I’m a graduate of the University of Georgia’s Grady College of Journalism and Mass Communication, a former editor-in-chief of the The Red & Black student newspaper at UGA, a professional journalist for nearly 12 years, a past mentor to Grady College students and a graduate who cares deeply about the well-being of UGA. As of this summer, I am no longer a donor to UGA scholarship programs.
Almost since its founding, I donated to the Conrad Fink Scholars Fund. Fink, who died in 2012, was a beloved journalism professor at UGA’s Grady College for nearly 30 years, following a distinguished career with the Associated Press as both an international correspondent and executive. Before I gave a recurring monthly donation, I would field phone calls from the Alumni Association asking for donations. Fink’s scholarship is where I wanted my money to go.
Fink, with his unique teaching style, ushered countless Grady students into the journalism field, and students were always better for it. It’s hard to explain to people who don’t know Fink what an impression he left on you, but I eventually landed at a reputable, national news organization, always keeping Fink’s words of wisdom close. I wouldn’t be where I am today professionally without Fink and was happy to give to a scholarship established in his name. That devotion to and love of Fink is why it was so difficult for me to stop my giving in his name earlier this month. But doing so, I believe, is the only way to bring a bigger, needed change to Grady—its name change.
The reasons for dropping Grady’s name from UGA’s journalism school have been well documented. Henry W. Grady, managing editor of the Atlanta Constitution in the late 1800s, used his platform to advocate for a “New South,” one more industrialized rather than agrarian. But he also spoke of the need to maintain the superiority of whites over Blacks, and his newspaper covered lynchings in a cavalier manner. He was a racist, and brandishing his name across the journalism school glorifies a man whose ideals don’t match today’s values.
I have no faith, after years of calls for Grady’s name to be removed from the UGA journalism school, that the school’s administration or state leaders will act. Instead, I am using what power I have through my financial support of the school to try to force action. I hope others will do the same. School rankings like the U.S. News and World Report’s are based in part on the share of alumni who donate to the school, so while my support is a fraction of the total that comes in (UGA raised $1.45 billion in its recent Commit to Georgia campaign), we not-so-deep-pocketed donors carry some influence.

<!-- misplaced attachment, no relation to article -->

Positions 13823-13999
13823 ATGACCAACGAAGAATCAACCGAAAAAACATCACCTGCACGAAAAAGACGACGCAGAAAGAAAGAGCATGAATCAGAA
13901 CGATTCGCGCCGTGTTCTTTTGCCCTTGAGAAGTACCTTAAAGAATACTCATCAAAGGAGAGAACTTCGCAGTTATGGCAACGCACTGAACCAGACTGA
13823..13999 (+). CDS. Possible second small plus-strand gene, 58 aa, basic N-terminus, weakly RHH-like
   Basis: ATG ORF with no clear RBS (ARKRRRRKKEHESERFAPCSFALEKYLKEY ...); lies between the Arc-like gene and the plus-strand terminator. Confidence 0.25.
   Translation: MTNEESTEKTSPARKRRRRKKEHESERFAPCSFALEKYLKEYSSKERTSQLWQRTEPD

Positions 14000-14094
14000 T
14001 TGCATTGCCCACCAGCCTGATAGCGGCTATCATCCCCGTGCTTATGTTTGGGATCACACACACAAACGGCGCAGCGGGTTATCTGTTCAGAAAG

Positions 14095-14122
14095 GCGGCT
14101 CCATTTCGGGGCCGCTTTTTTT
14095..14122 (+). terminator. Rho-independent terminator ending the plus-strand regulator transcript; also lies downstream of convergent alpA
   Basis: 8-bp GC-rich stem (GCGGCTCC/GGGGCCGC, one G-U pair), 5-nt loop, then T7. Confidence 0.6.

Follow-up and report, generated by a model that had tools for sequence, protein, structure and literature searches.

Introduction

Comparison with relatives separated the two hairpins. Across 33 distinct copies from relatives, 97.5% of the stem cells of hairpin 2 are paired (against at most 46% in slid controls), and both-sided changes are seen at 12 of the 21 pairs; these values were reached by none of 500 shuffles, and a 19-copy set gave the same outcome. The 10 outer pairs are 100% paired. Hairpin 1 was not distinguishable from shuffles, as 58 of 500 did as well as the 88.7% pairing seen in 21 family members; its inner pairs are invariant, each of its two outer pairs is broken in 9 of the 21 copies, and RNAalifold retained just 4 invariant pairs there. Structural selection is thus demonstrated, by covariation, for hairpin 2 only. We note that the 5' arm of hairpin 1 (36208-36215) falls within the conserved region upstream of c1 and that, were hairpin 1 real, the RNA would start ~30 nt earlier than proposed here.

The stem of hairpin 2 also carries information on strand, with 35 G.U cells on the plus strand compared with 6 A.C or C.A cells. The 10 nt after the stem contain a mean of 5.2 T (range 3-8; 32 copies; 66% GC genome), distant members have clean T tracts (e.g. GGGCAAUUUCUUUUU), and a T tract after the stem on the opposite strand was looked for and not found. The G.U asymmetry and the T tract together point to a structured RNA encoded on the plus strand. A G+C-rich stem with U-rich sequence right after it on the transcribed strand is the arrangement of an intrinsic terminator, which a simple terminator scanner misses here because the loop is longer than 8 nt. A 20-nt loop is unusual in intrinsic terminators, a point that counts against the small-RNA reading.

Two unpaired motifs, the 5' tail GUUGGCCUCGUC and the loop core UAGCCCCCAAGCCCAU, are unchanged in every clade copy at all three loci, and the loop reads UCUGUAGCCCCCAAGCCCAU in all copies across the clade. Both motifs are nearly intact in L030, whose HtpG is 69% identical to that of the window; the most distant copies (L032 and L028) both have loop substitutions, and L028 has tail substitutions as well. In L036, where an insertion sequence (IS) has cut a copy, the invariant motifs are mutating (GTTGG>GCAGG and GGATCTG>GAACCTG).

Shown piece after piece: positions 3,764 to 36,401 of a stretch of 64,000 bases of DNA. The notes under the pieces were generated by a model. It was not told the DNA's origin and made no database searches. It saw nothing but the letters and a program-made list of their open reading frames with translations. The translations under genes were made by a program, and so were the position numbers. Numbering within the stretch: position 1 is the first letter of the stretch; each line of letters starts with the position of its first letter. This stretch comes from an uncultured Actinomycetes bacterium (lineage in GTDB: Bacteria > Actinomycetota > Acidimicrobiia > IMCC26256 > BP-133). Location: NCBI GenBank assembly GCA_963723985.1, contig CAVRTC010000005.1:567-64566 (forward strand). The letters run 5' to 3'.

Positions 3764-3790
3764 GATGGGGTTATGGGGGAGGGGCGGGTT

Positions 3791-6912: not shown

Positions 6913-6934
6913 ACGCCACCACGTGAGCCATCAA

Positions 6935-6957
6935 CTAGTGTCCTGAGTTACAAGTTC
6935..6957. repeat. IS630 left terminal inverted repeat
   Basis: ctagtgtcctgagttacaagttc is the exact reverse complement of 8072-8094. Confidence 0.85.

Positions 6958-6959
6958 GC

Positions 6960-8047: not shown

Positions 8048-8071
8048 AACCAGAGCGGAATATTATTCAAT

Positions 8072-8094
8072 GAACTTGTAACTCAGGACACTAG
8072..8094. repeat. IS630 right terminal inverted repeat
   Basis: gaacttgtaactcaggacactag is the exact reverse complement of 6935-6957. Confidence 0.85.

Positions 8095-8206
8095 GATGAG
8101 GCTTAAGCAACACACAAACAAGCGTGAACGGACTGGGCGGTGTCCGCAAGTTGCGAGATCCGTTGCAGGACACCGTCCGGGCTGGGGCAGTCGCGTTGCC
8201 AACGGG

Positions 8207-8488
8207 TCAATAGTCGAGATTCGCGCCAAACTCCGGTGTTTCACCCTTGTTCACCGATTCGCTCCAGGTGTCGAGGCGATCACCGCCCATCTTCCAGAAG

Grady wasn’t just a racist, but he used his powerful perch as a newspaper editor to spread his ideals. In Fink’s classes on opinion writing and ethics, both of which I took, I can’t remember Fink criticizing an opinion on whether it was right or wrong, just how you expressed it through writing. I do remember Fink constantly reminding me, when I was Red & Black editor, of the power of newspaper editorials and the position newspapers had in a community. I also remember how Fink preached that newspapers should “be a voice for the voiceless.” It seems to me that Henry W. Grady didn’t follow those principles and instead used the Atlanta Constitution to do just the opposite.
I instead support the UGA journalism school being named after Charlayne Hunter-Gault, a respected Black journalist and UGA graduate whose work is something Grady students, alumni and faculty can be proud to represent. Hunter-Gault became the first of two African-American students to enroll at UGA in 1961.
I also don’t want to hurt the long-term viability of the Fink scholarship, so when Grady’s name is dropped, I have given my word to return with a stronger financial commitment to the college and Fink’s name. But until then, I hope the school does the right thing and moves on from the stench that comes with Grady’s name.
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